Every five minutes, between bites of home-cooked food and
friendly conversation, Shari Nalick fed her body doses of toxic
drugs. No one at the dinner party ever suspected that Nalick sat at
the table undergoing chemotherapy for breast cancer.
The liquid medication poured from a small reservoir belted to
Nalick's waist on a fanny pack. On cue, a miniature computer
released drugs that flowed through a pencil-thin tube to a vein in
The surgeon deliberately inserted the tube just below Nalick's
collarbone, carefully calculating that her dress neckline would
neatly conceal a bandage the size of a postage stamp.
Just five years ago, Nalick would have sent regrets to the host
because she had to be hospitalized for chemotherapy. Today, Nalick
and other cancer patients get chemotherapy at home and the chance
to keep up their lifestyle.
Everyday, health care gets delivered to the home address of
more and more patients throughout the metro area who once were
hospitalized for the same treatments.
This year, St. John's Mercy Medical Center alone will deliver
home health care to an estimated 62,000 patients in the city of St.
Louis and seven surrounding counties in Missouri. That is double
the patients they served five years ago.
Throughout Missouri, 200 or so more home health agencies find
business just as brisk. Last year, they visited 2.1 million
patients, or about 400,000 more than they did in 1985. That
increase equals the population of the city of St. Louis.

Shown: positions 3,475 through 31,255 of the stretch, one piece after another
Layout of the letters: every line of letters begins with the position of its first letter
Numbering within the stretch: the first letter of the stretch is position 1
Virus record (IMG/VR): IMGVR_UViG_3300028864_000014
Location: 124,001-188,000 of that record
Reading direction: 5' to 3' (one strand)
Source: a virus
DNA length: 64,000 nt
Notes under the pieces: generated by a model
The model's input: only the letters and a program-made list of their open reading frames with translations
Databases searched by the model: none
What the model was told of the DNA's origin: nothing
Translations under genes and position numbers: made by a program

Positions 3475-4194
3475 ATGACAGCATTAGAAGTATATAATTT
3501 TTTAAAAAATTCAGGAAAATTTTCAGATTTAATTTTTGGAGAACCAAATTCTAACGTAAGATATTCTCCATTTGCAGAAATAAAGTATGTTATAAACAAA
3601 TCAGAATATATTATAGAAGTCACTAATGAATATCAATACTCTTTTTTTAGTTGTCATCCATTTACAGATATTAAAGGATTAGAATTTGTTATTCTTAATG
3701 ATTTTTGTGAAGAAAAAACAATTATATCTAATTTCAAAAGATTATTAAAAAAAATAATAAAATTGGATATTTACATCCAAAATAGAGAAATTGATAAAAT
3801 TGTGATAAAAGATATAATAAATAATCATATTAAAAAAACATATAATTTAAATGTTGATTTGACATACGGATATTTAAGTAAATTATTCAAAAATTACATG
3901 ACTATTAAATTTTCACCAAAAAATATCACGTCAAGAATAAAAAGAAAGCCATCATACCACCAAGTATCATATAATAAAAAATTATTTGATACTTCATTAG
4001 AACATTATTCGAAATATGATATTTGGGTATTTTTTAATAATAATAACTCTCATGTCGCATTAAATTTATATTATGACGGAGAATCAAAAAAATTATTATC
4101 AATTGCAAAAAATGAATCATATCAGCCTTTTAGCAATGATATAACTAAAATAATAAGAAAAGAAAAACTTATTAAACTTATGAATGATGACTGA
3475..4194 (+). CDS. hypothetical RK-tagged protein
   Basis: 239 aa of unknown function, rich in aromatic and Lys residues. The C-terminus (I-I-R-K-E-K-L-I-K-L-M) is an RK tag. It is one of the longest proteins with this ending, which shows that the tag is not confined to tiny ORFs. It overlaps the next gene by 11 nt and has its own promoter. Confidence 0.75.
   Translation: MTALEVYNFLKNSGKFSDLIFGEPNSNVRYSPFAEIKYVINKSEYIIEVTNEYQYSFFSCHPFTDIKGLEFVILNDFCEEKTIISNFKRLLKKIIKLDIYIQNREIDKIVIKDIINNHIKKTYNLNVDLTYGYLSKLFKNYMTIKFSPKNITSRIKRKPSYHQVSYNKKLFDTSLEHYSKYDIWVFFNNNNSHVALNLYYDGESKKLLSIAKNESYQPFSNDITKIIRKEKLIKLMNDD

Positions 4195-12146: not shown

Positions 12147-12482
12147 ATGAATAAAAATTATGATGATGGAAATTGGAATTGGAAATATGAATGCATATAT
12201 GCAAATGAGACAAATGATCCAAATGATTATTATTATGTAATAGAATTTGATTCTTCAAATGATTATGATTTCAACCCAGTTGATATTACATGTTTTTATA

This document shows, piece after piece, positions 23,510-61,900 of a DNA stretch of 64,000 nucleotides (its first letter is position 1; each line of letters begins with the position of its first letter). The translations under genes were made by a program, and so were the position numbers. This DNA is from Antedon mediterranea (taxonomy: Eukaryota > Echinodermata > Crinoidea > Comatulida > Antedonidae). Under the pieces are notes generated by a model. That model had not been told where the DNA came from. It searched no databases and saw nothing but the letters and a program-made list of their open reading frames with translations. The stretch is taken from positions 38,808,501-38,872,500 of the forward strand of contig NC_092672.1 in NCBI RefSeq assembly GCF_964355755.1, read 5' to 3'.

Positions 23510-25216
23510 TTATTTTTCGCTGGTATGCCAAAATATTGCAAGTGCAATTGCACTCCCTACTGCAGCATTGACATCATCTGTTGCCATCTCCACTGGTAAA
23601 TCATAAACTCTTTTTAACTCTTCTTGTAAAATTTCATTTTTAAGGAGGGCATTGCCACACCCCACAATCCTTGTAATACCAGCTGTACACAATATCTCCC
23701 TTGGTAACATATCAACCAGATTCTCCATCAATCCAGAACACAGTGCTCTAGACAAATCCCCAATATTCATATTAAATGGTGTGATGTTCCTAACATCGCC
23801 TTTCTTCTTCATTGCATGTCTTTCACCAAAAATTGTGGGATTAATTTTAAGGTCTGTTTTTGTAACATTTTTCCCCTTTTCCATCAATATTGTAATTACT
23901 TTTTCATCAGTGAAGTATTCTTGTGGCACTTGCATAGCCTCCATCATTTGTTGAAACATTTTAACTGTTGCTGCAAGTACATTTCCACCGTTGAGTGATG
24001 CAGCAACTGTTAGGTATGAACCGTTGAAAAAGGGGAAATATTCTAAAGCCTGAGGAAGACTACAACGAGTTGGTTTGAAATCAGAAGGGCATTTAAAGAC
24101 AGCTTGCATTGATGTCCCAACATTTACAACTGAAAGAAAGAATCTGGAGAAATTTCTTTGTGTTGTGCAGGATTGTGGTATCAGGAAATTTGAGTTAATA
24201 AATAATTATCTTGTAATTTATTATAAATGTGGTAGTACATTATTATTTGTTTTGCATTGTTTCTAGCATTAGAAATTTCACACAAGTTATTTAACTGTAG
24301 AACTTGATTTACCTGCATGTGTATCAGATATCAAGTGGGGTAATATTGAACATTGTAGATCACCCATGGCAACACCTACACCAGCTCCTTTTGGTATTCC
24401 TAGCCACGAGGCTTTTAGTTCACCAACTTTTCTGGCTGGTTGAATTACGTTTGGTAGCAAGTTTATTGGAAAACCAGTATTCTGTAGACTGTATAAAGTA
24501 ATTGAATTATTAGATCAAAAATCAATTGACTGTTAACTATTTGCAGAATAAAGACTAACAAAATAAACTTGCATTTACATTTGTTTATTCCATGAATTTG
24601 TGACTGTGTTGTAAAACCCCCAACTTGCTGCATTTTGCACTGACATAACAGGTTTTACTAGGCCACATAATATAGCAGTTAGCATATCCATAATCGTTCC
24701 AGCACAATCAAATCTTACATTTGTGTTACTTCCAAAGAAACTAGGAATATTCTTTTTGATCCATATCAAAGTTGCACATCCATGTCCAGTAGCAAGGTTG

Why the push to provide health care at home instead of the
medical center? Hospitals, insurance companies and the federal
government want to save money. The math is simple. It costs less to
deliver health care to the patient's front door than to keep the
patient in a hospital.
For example, a nurse from an area hospital got paid $125 for
each visit she made to Nalick's home in Chesterfield. State health
officials recently calculated a typical hospital stay costs $1,510
a day. That adds up to a $62,325 savings based on Nalick's nine
chemotherapy treatments that each lasted five days.
Nalick calculates that the home treatment also cut disruption
to her everyday life. With her fanny pack strapped around her
waist, Nalick slept in her own bed, saw friends at social events,
cooked her family meals and went to PTO meetings. When the
treatment left her hungry and thirsty, she opened the refrigerator
and pantry for her favorite snacks.
In the hospital, Nalick would have faced intravenous treatments
that left her veins collapsed.
Through home health care, Nalick avoided hospitalization again.
After the chemotherapy, a home health nurse helped her use the same
tube to take medication that drastically cut nausea.
Even patients who do go to a hospital stay fewer days. A
21-year old college student stayed at St. John's Mercy Hospital in
Washington for five days while doctors treated a leg infection.
Back home, he spent two more weeks on intravenous treatment to
combat infection, time he would have once spent in the hospital.
Other patients arrive back in their own bedroom with
respiratory machines, feeding equipment and medical paraphernalia
that lets them inhale drugs or send drugs through their veins.
"People are coming out of the hospital quicker but they are
sicker," said Mary Schantz, who directs the Missouri Alliance for
Home Care. …